Monthly Archives: February 2019

Warped Tales: The Gardener – Part 1

Warped Tales – be warned.
As a child I read piles of books filled with short stories – the complete works of Poe, stories from the Twilight Zone, collections from Hitchcock, etc.

As an adult, thrillers rule.

This is that kind of story, in six parts.
 

“I bought a cabin.”

John had talked non-stop since she picked him up at the airport, about the cooler full of elk meat he’d brought back from Arizona, how great the hunt had been, how the mountains were wonderful – not the desert he’d expected, how much he loved the Ponderosa pines, and his bad knee hadn’t bothered him – even after walking over rough ground all day. He kept talking as he put his suitcase and cooler into the trunk of his Charger and drove them home. He finally stopped for a breath as he carried the cooler into the kitchen.

That whole time, all Anne heard was “I bought a cabin.” As he continued talking, she stewed about her husband’s complete control over their finances. He gave her an allowance for groceries and her garden, as if she were a child. When she wanted something outside that, she had to ask for it – and if he didn’t think it was necessary, he didn’t always give her the money. But it was just like him to buy a hunting cabin without consulting her. He never asked her opinion when he bought a new car, and he’d had the garage torn down and replaced when the kitchen could really have used an update. But the garage had been in bad shape – she didn’t want it to collapse on John’s 1964 Mustang, either. So that made sense; a cabin in Arizona did not.

Carefully modulating her voice to a neutral tone, she asked, “You bought a cabin?”

“It closed yesterday. I used my Roth IRA to pay cash.” He started transferring white-papered chunks of frozen meat from the cooler to the freezer. “This’ll cook up just like venison.”

Anne had learned how to cook venison the first year they were married – twenty-three years ago.

She forced her voice to sound curious, rather than accusing.  “Didn’t you say this was a once-in-a-lifetime opportunity? That there’s a lottery or something to get permission to hunt elk?” She paused. “Why buy a cabin?”

As usual, John saw no need to answer immediately. Anne looked at the freezer and judged the available space. She’d thought she left more than enough room, but it would barely fit. “That’s from one animal?” she asked.

“Those elk are huge,” he said. This was the first time he’d gone out of New York to hunt. Living in Schenectady, he usually hunted deer in the Adirondacks. “Sometimes they allow hunting in areas where they’re over-populating. And there are plenty of deer and other animals. There’s even a mountain lion season – fall through the end of May. There’ll be plenty of hunting. You’re going to love it there.”

I’ll love being home by myself while you go off to your cabin.

As usual, Anne Davenport kept such thoughts to herself. She never went on his hunting trips. Her Thanksgivings were always spent at the Food Depot, helping make and serve dinners for homeless people. John would have complained about that, if he hadn’t spent every Thanksgiving in the woods with his buddies and his guns.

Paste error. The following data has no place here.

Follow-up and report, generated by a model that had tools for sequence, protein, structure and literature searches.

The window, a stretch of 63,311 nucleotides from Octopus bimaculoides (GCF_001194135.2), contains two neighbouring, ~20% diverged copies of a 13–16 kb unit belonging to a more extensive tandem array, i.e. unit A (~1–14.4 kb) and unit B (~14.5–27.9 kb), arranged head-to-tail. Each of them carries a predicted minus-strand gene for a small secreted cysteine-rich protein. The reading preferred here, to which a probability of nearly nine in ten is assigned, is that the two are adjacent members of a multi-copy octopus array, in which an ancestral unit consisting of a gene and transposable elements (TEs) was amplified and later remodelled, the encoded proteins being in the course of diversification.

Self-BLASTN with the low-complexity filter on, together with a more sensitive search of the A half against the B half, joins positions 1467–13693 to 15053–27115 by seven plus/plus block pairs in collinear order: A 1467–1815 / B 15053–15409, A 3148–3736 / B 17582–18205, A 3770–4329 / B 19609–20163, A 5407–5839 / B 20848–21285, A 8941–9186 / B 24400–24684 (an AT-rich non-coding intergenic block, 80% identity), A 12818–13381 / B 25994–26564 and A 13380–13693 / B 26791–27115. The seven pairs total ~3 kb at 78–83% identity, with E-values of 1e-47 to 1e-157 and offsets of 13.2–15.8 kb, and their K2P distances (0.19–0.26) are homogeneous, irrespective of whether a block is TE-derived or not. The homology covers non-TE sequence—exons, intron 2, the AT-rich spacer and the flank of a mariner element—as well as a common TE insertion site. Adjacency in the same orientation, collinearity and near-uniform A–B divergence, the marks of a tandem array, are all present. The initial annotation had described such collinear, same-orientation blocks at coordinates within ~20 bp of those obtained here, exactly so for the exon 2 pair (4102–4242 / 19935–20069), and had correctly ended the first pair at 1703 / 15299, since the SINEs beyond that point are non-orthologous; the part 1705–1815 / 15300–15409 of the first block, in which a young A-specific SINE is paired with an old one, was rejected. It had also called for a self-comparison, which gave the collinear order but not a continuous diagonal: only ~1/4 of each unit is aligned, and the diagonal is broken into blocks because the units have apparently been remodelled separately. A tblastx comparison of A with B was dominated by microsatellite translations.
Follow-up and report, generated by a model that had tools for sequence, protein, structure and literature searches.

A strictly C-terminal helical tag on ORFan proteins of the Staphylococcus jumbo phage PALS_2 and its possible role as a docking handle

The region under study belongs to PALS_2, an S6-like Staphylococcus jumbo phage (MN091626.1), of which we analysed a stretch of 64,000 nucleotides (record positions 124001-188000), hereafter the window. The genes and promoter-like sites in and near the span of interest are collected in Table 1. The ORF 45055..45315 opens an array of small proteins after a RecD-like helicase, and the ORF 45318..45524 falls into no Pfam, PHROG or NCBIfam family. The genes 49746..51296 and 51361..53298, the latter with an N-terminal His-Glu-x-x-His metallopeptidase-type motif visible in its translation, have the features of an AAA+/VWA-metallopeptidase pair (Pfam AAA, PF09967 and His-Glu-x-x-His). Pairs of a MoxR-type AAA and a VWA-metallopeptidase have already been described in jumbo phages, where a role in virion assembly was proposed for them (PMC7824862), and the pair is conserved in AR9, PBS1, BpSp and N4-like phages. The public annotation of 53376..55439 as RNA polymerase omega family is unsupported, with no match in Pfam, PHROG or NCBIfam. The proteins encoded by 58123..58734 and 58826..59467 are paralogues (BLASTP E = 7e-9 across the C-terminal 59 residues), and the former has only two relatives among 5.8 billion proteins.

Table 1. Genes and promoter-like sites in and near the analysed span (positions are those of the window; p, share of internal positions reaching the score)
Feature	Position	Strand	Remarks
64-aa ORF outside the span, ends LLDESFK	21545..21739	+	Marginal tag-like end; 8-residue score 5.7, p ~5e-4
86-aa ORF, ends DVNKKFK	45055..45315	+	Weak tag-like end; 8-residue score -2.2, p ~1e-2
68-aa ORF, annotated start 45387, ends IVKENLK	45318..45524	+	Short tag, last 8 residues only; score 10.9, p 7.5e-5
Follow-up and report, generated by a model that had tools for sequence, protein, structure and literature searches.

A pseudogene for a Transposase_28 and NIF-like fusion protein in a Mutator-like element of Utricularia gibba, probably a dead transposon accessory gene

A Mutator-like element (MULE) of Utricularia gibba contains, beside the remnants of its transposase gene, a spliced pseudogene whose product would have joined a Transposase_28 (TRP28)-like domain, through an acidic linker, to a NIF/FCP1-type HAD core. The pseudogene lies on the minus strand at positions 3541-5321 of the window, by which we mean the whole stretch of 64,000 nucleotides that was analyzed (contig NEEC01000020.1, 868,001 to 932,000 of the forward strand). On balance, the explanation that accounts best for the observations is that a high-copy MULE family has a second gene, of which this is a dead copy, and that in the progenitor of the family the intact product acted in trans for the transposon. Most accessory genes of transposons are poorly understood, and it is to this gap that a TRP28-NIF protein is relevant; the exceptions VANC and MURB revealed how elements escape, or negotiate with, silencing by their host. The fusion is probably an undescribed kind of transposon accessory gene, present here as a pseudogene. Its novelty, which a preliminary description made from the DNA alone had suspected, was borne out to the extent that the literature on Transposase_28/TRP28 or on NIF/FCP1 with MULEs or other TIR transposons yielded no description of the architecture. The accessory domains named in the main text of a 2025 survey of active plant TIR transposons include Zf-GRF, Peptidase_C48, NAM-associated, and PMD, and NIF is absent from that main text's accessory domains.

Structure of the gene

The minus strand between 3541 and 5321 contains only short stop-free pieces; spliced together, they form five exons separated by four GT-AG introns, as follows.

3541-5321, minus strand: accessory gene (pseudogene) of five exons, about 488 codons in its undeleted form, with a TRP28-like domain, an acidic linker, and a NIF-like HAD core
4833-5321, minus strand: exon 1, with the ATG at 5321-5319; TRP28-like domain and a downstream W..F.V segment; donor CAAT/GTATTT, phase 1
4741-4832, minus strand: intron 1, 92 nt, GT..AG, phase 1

But John Davenport was a good provider, always had been. Even when they first moved into this house, when it was still his mother’s, John had paid all the bills and insisted Anne never had to work. “My mother never had to work, and neither will my wife.”

When John Jr. was little, Anne had plenty to do taking care of her son and her mother-in-law. Anne was the one who held the woman’s hand as she fought the cancer that ate at her for years. John took his mother’s death so hard, as if it was a surprise, not a blessed release from pain – because he was always at work, always taking extra shifts, taking exams to keep moving up until he made detective,  just before death finally rescued his mother from cancer’s hold.

By then John Jr. was in elementary school and Anne was volunteering in his classroom three days a week. John still didn’t want her to work, so she started to garden. At least that way she felt like she was contributing by lowering their grocery costs.

The one time she’d brought that up with John, he had laughed.

Then he put his arm around her and gave her a hug. “Gardening’s your hobby, like mine is hunting. Both put food on the table, but we spend as much or more money as we would going to the store. It’s okay. It’s a good hobby. And don’t worry about money. That’s my job. That’s why I’m a detective instead of a beat cop.”

At least he admitted the fresh veggies were better than most store-bought. And he did buy her a little pickup truck to use on her supply runs. He even put it in her name. It was the first vehicle she’d ever owned, and she still had it.

Wife, mother, gardener – gardener was the only identity truly her own. Just like being a detective was John’s identity. But she was expected to listen to every detail about his work, while he showed no interest in talk about her garden.

Aside from money for her hobby, John’s only activity in the garden was digging the hole whenever she planted a tree – until John Jr. got big enough to do it for her. John Jr. loved working in the garden with her. For his first birthday, she bought a dwarf apple. He was so delighted, she let him choose a new fruit to plant each year on his birthday. A white peach, a cherry tree, different apples, berry bushes, a strawberry patch – by the time he left home, they’d turned the two-acre lot into a mini fruit farm.

The last three years, Anne chose what to plant and put it in by herself. Berries and grapes didn’t require much digging. She still planted those on John Jr.’s birthday. It helped her get through the day. At least her garden was alive and still growing.

And John had finally updated the kitchen last year. He actually took her away for a week, up into the Adirondacks to see the leaves as they turned, to show her the areas he’d hunted in all his life. When she came home, there was the new kitchen – new cupboards, new appliances, new flooring, and a new window. She liked the window. It was a mini greenhouse over the sink, where she spent much of her time indoors. Beyond, she could see her garden.

“The contractor suggested that,” said John proudly. “He couldn’t believe the old kitchen didn’t have a window on that side. He saw your garden and thought you’d like to grow herbs and stuff you use when you cook, right there easy to use, and I told him he was exactly right.”

The window was the only thing she would have chosen.